Hitting the road with your DSLR? It’s wise to plan carefully to make sure you take the best possible combination of camera accessories. Alex Kidman Outside of your camera body (or bodies) and lenses, there’s an entire world of accessories to consider.
The benefits of using a tripod (or monopod) for photography are fairly obvious, whether you’re reducing motion for quick snaps or taking advantage of extremely long exposures.
When you’re travelling, however, you want to keep things as light and simple as possible. There’s no shortage of compact tripod choices at your disposal depending on your budget. At the cheapest end of the travel tripod scale you’ll find aluminium tripods. They’re inexpensive and relatively light, but the consequence of their construction means that they’re not that sturdy, which has consequences for both stability while shooting and long-term durability.
If your budget is tight and you’re buying your first tripod there’s something to be said for a simple and cheap tripod — but don’t expect it to last long. If you’re after a lighter but tougher travel tripod, carbon fibre is the way to go, but you will pay more for a tripod with carbon fibre legs — easily into the hundreds of dollars versus a simple aluminium tripod.
Then there's the truly compact flexible tripod crowd, best exemplified by the Gorillapod brand, although there are off-brand imitators as well. They're great in terms of flexibility and packing space, but you need to be extra careful when setting them up to ensure your precious camera gear doesn't topple while shooting. If you're planning a lot of nature photography where a superzoom lens is a must so as not to disturb the natives, you'll need to ensure that you pack a heavy enough tripod to take your lens without tipping over -- and again secure feet are a must.
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For travel, the lightweight alternative to a tripod is to opt instead for a monopod.
You don't get the full support of a tripod, so you'll still need steady hands, but a decent monopod will take the brunt of your DSLR's weight out of your hands, allowing you to concentrate on your photography. It's not just a question of construction but also of size that's worth bearing in mind when considering travel photography equipment. That has a bearing both on packing considerations, because ideally you don't want to assign any of your precious photography gear to baggage handlers as checked-in luggage, but also the kinds of photography or videography you're planning to do at your destination.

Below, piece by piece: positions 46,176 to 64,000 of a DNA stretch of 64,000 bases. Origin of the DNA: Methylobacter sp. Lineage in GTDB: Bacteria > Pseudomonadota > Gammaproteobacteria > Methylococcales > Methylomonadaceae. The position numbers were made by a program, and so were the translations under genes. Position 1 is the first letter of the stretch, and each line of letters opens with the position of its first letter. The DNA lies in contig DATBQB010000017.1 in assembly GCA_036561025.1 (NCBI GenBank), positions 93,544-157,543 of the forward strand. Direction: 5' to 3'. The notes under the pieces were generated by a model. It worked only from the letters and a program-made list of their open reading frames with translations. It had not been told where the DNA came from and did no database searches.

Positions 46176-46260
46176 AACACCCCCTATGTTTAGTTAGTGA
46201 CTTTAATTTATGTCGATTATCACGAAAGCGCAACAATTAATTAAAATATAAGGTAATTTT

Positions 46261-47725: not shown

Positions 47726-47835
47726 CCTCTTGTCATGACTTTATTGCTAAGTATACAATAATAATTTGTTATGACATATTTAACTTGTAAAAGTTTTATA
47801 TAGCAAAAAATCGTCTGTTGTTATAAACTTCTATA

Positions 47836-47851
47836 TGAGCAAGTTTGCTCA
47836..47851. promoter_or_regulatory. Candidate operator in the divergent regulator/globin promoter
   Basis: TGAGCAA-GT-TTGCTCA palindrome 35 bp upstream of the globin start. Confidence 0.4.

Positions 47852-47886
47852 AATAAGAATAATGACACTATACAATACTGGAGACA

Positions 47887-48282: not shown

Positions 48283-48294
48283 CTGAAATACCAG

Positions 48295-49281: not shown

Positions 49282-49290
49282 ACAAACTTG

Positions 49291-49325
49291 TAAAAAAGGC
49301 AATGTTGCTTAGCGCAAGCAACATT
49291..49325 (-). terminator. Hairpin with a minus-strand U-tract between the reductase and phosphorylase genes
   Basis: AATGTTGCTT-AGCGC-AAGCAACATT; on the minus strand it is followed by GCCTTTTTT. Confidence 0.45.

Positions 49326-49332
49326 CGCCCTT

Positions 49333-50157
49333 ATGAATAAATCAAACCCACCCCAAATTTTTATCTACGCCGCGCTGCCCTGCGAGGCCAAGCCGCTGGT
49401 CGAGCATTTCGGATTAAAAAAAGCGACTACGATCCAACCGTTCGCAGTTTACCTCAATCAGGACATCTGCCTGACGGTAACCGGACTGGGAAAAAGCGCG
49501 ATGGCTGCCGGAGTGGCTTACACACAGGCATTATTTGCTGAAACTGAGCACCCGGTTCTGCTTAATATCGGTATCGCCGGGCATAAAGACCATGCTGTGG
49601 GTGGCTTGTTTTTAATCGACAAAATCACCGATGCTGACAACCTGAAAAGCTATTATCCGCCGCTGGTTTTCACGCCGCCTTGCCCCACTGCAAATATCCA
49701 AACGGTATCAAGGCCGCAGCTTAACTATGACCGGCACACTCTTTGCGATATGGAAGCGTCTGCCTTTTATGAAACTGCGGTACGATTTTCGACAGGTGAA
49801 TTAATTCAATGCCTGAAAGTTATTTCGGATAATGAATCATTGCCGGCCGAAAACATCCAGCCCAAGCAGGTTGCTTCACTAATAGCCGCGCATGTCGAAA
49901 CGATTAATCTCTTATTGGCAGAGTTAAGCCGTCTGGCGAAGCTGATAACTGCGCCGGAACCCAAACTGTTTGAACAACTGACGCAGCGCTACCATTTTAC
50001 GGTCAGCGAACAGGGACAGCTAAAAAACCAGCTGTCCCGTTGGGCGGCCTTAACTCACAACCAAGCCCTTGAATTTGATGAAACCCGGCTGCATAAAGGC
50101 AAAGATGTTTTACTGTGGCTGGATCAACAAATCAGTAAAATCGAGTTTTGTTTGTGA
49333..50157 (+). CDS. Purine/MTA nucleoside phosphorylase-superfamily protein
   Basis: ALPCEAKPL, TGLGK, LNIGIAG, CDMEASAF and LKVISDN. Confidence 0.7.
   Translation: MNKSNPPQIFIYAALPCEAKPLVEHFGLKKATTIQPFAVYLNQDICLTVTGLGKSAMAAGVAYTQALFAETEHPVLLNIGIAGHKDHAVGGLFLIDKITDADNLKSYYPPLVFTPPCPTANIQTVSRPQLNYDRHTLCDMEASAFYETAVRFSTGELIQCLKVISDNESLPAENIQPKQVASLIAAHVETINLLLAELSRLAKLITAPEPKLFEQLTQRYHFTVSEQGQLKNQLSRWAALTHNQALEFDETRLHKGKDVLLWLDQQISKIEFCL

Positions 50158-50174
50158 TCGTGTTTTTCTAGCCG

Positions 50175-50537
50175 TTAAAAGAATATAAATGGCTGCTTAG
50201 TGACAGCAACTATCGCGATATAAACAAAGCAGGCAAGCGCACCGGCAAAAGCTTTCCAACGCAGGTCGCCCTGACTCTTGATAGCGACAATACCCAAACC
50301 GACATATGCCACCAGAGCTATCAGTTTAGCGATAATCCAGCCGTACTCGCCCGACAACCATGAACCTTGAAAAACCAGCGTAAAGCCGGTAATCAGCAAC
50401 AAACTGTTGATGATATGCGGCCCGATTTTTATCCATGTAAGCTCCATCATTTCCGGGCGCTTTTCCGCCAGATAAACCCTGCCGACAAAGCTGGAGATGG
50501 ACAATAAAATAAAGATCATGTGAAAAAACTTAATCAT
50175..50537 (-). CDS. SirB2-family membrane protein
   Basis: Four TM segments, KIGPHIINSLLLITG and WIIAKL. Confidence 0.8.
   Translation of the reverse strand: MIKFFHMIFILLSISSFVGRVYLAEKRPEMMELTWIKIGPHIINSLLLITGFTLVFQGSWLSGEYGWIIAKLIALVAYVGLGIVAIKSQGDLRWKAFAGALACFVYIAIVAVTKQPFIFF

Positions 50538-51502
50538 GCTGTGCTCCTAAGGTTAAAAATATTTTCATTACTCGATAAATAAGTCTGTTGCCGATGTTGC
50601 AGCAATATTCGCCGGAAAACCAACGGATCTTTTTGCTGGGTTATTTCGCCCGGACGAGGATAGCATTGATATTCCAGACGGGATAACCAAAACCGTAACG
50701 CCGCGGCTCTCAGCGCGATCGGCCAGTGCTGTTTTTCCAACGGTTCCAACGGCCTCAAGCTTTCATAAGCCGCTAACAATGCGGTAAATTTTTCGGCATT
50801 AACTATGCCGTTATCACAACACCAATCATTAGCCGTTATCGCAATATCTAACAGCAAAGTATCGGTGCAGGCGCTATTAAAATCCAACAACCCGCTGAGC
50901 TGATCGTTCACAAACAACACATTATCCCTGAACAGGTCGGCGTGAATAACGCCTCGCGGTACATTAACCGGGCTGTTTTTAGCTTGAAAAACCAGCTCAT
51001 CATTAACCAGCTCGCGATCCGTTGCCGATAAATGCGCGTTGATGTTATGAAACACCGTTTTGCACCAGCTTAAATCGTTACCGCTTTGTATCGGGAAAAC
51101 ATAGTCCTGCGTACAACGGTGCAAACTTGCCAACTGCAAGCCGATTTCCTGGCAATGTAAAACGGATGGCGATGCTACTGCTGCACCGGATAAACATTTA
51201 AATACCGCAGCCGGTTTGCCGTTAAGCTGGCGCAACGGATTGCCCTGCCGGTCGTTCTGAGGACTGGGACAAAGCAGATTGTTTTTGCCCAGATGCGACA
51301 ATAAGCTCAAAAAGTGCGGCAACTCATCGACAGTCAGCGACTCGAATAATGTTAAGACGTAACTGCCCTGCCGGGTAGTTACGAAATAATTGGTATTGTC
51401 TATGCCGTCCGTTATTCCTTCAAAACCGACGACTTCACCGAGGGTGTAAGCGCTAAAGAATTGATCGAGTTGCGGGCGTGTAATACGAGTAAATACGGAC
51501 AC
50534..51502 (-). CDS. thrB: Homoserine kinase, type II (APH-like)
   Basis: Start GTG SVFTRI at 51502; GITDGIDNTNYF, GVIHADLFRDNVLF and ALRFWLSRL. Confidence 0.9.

The combinations are near-endless, but within the travel sphere you've got to consider whether your tripod suits your plans for shooting, as well as any ad-hoc shots you might choose to take. So for example, a flat footed tripod may be fine if you're shooting street scenes, but if you're taking to the great outdoors, spike feet may be more suitable for purpose. A pistol grip on a monopod will add some bulk to your packing, but can make it much simpler to keep your camera steady while taking your shot.
Equally, while you'll typically pay more for a monopod that has more segmentation, that may enable a smaller packing size, leaving more space for lenses, batteries, filters or other gadgets.
Nothing ruins travel photography faster than running out of power while you're still partway through a shoot.
There's a simple rule of thumb here. You should always pack for more power than you think you'll need, because when you're trekking through the hills you're unlikely to come across either a power point or a handy camera shop selling batteries, but you are more likely to spot more points of inspiration than if you'd stayed at home.
At least two spare batteries -- which typically won't add much bulk to your travel pack -- should be a bare minimum. If your camera can charge from a mobile-style charger then an external battery pack can also be a wise investment, although you've got to weight that against sparing some power to keep smartphones or other mobile gadgets properly charged.
Depending on your DSLR model, it may also pay to include a battery grip rather than (or if space permits, as well as) additional batteries, because they provide a simple all-in-one way to boost your camera's shooting power while also extending the grip range.
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The other thing that can stymie your shooting while out on the road is running out of storage space.
Pack a couple of SDHC cards, preferably class 10 if you're capable of shooting video (even if you think you won't) at a bare minimum. There's also the option of an Eye-Fi card if you want quick transfer and backup out of your camera while you're out and about, or a full external storage solution such as WD's MyPassPort Wireless, which includes an inbuilt SD card reader and one-button backup for your photos.
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Just as there's a million tripods to choose from, so too are there millions of carrying accessories to compliment your camera.
Your DSLR will have come with a basic functional strap, and at a simple level that should be enough to carry it around with, but standard camera straps can be quite fiddly to shift off your shoulder or neck when the perfect camera moment arrives. A more robust camera strap can make carrying a DSLR around for a long time while travelling considerably more comfortable, as well as offering additional features such as inbuilt tripod mount attachments to ensure a strong hold on your camera equipment.
Likewise, there are literally hundreds of bag combinations to choose from. In most travel situations you're arguably better off with a backpack style case to enable simple movement rather than a full hard case, although for more extreme travel situations a genuine hard case might be your only option.